June labour force data

As you know, I always chuckle in this corner every month when the labour force survey comes out. Mostly, the news tends to be fair to bad for New Brunswick and the overall trends are among the worst among Canada’s provinces for labour force growth, employment growth, employment rate, etc. However, the formal unemployment rate has been dipping some in the past couple of years leading to the NB government spewing forth praise for its economic efforts.

Now, before I give you Jody Carr’s comments on the most recent labour force survey results, here are the facts (click here for the actual survey results):

All figures seasonally adjusted (as they should be).

The size of the labour force dropped 1.1% from May to June – the largest decline in the country.

The participation rate (% of adults in the labour force) dropped 0.8% from May to June – the largest decline in the country. NB has the third lowest participation rate in Canada.

The employment rate (% of adults working) dropped 0.4% from May to June – only two provinces faired worse. NB has the third lowest employment rate in Canada.

The unemployment rate dropped to 8% – still the third worst rate in the country.

And here is the quote from Minister Jody Carr:

“We’ve got more people working and more people in the labour force and that shows a clear, concrete example of how our strategy is working,” Training Minister Jody Carr said.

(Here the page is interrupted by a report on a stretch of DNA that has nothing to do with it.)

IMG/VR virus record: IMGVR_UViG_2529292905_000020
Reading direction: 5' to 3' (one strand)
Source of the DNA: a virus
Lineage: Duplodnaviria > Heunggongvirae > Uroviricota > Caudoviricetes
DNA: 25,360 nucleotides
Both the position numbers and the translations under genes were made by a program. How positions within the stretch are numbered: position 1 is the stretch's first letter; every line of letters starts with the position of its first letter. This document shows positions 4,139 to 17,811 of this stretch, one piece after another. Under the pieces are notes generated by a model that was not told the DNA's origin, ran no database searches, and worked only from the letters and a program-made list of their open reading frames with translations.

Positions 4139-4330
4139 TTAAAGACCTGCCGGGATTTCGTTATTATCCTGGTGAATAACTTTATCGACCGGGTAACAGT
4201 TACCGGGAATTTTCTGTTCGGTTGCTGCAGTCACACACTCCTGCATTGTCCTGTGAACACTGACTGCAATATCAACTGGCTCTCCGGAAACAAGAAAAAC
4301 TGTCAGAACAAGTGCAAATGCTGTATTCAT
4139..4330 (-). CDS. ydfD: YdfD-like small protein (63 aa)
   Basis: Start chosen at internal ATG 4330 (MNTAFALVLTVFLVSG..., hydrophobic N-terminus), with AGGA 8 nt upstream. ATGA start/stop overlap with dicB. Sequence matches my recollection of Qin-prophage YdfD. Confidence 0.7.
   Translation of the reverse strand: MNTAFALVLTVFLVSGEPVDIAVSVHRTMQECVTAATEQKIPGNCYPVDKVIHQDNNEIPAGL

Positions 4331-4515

Huh?

Remember, all of this is set against the backdrop of population decline and serious challenges to our traditional industries.

Just once, before I die, I would like to see a politican say something like this:

We continue to be concerned about our tepid employment growth, our low labour market participation rates and our population decline. Coupled with a dramatic increase for public services such as health care and education, we are very concerned that our ability to effectively fund future government services (even with Equalization) is going to be seriously challenged. We are committing today to a fundamentally different approach to economic development in order to revitalize our economy and set it on a firm foundation for the future. We will strive to be a global leader in the attraction of foreign investment. We will nurture and support fast growing entrepreneurs. We will help our communities – big and small – establish strong economies on which to build their future. We realize these kinds of investments will require a massive commitment both financially and organizationlly on the part of all three levels of government and our community partners. But we are committed to this and will pin our success as a government on moving this economy forward in a substantial way.

Will I ever see this in print?

Nah but I am starting to warm up to the numbing effects of great fiction.

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0 Responses to June labour force data

  1. scott says:

    Or at least label it like it is…a crisis situation.